# Rotating Earth in Godot 3.4

In the previous tutorial, Rendering Earth in Godot 3.4, I showed how to make a simple Earth model in Blender and import it to Godot. In this post, we’ll explore how to rotate the globe, thus making our “game” interactive.

This is how the node tree and resource tree should look like (adjusted from the previous post to follow Godot’s file naming conventions).

The uneverse.tscn file contains our “Universe” spatial node, and the globe.glb (imported) file contains the base class for our “Globe” spatial node. We have also added a camera in the previous tutorial.

Now to add some interaction! For simplicity, we’ll keep the globe fixed at the world origin, and instead move our camera around. This will make calculations easier for now.

First, let’s add an “Area” to our “Globe” spatial. This will allow us to listen on mouse click events. Right-click the “Globe” spatial in the node tree and select Add Child Node (Ctrl+A). Locate the “Area” class:

Once we add the Area, we’ll immediately get a node configuration warning, telling us that the node has no shape and thus it can’t interact with other objects. Let’s fix that by adding a shape: add a new “CollisionShape” object as a child node of the Area, the same way we added the Area node.

Once we do that, the previous warning will go away, just to be replaced by a new warning on the CollisionShape node, telling us that there is no shape provided. To specify a shape, select the CollisionShape node and pick a shape from the dropdown for the Shape property in the Inspector tab.

Select New SphereShape to create a sphere-shaped collision object. Leave the radius at 1 unit, since that is the radius of our globe.

Now that we have a collision shape, we’ll want to connect its input signal to a script where we’ll handle it by transforming the camera. To do that, let’s create a script first by selecting the Camera node in the node tree and pressing the “Attach Script” icon, or selecting Attach Script from the context menu.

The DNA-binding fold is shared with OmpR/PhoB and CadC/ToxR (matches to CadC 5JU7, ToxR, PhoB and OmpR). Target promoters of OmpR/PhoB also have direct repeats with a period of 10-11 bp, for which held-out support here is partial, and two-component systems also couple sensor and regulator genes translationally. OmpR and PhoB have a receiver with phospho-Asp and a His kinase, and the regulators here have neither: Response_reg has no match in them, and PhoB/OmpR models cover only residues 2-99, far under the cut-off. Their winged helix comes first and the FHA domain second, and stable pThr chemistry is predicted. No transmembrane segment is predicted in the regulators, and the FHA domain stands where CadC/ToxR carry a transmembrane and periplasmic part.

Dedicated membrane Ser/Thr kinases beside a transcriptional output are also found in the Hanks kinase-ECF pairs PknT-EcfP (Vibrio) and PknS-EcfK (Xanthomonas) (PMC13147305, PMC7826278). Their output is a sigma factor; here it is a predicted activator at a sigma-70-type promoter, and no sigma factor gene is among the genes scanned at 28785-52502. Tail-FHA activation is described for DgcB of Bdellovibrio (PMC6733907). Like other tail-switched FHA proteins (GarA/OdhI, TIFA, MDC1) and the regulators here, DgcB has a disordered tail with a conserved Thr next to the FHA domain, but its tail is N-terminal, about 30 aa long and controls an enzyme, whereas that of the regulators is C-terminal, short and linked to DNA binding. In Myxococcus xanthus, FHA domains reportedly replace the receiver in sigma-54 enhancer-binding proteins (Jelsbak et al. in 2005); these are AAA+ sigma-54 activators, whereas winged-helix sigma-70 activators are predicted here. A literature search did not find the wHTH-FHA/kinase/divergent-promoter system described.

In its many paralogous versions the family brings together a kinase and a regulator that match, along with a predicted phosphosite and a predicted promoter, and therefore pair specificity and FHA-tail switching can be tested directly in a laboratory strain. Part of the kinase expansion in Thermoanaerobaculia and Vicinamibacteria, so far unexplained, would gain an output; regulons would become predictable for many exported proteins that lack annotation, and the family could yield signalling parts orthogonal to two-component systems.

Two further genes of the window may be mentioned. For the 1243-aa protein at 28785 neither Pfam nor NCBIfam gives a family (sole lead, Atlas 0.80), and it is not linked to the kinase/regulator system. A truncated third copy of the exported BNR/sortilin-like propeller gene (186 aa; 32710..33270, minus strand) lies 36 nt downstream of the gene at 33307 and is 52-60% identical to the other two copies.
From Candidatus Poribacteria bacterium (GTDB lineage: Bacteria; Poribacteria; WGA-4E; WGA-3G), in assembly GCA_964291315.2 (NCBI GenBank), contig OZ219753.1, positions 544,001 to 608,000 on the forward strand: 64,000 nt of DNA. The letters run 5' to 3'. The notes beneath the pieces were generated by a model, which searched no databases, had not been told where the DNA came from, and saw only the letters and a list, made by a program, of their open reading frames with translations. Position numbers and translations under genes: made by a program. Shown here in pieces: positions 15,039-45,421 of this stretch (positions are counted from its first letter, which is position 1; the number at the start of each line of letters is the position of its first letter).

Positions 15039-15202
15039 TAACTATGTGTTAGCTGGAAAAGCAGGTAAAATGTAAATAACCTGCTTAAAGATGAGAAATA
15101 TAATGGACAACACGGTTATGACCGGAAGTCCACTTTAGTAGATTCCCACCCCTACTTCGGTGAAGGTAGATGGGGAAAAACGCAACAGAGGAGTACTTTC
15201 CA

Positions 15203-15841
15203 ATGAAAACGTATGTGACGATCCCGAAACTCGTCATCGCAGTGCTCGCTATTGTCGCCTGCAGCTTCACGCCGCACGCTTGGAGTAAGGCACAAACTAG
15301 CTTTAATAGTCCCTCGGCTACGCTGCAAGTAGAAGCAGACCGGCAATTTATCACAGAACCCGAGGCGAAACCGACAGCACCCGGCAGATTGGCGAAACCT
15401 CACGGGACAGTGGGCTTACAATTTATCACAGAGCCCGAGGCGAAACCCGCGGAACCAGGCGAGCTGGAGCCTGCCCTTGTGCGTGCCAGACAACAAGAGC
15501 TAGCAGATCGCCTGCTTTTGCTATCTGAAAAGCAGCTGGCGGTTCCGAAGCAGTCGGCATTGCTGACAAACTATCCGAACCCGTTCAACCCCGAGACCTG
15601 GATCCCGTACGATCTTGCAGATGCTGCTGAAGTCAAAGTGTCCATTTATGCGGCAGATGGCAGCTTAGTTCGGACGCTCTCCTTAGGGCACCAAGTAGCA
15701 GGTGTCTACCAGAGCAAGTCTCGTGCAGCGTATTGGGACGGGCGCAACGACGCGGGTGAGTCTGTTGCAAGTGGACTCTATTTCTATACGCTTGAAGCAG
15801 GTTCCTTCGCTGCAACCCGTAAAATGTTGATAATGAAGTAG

Leave the defaults, except rename the script file to camera.gd, because, naming conventions.

Now select the Area node, and go to the Node panel, which is the tab right next to the Inspector panel on the right. Under Signals » CollisionObject, double-click the input_event(…) signal. Click Connect to connect it to the Camera node.

Once we connect the signal to the Camera node, we’ll get an empty function in the script that is called every time an input event occurs on the collision object. In this function, we have a reference to our Camera node (the camera parameter) and the position on the sphere where the mouse click happened (the position vector).

We can easily re-orient the camera by calling the look_at_from_position(…) method of the camera, which takes three arguments: the new position to move the camera to, the position to look at, and the “up” orientation.

The new camera position can be obtained by scaling the position vector to the length of the vector specifying the camera origin:

var distance_from_origin: float = camera.transform.origin.length()
var new_camera_position: Vector3 = position.normalized() * distance_from_origin


Note that we use position.normalized() to re-scale the position to a unit vector. This wouldn’t be necessary if our collision object was a perfect sphere, but it isn’t: like everything in our 3D game, it is secretly a collection of triangles. To avoid small changes in the camera distance, we normalise the position vector, which really just means we’re interested in the orientation, but not length of the vector.

Now all that’s left is to call camera.look_at_from_position(…). We want to keep looking at the globe, so we’ll pass the world origin Vector3.ZERO as the second argument. To keep the camera orientation so that north is always up and south is down, we pass Vector3.UP as the third argument.

camera.look_at_from_position(new_camera_position, Vector3.ZERO, Vector3.UP)


The final script should look something like this:

extends Camera

func _on_Area_input_event(
camera: Camera, _event: InputEvent, position: Vector3, _normal: Vector3, _shape_idx: int
) -> void:
var distance_from_origin: float = camera.transform.origin.length()
var new_camera_position: Vector3 = position.normalized() * distance_from_origin
camera.look_at_from_position(new_camera_position, Vector3.ZERO, Vector3.UP)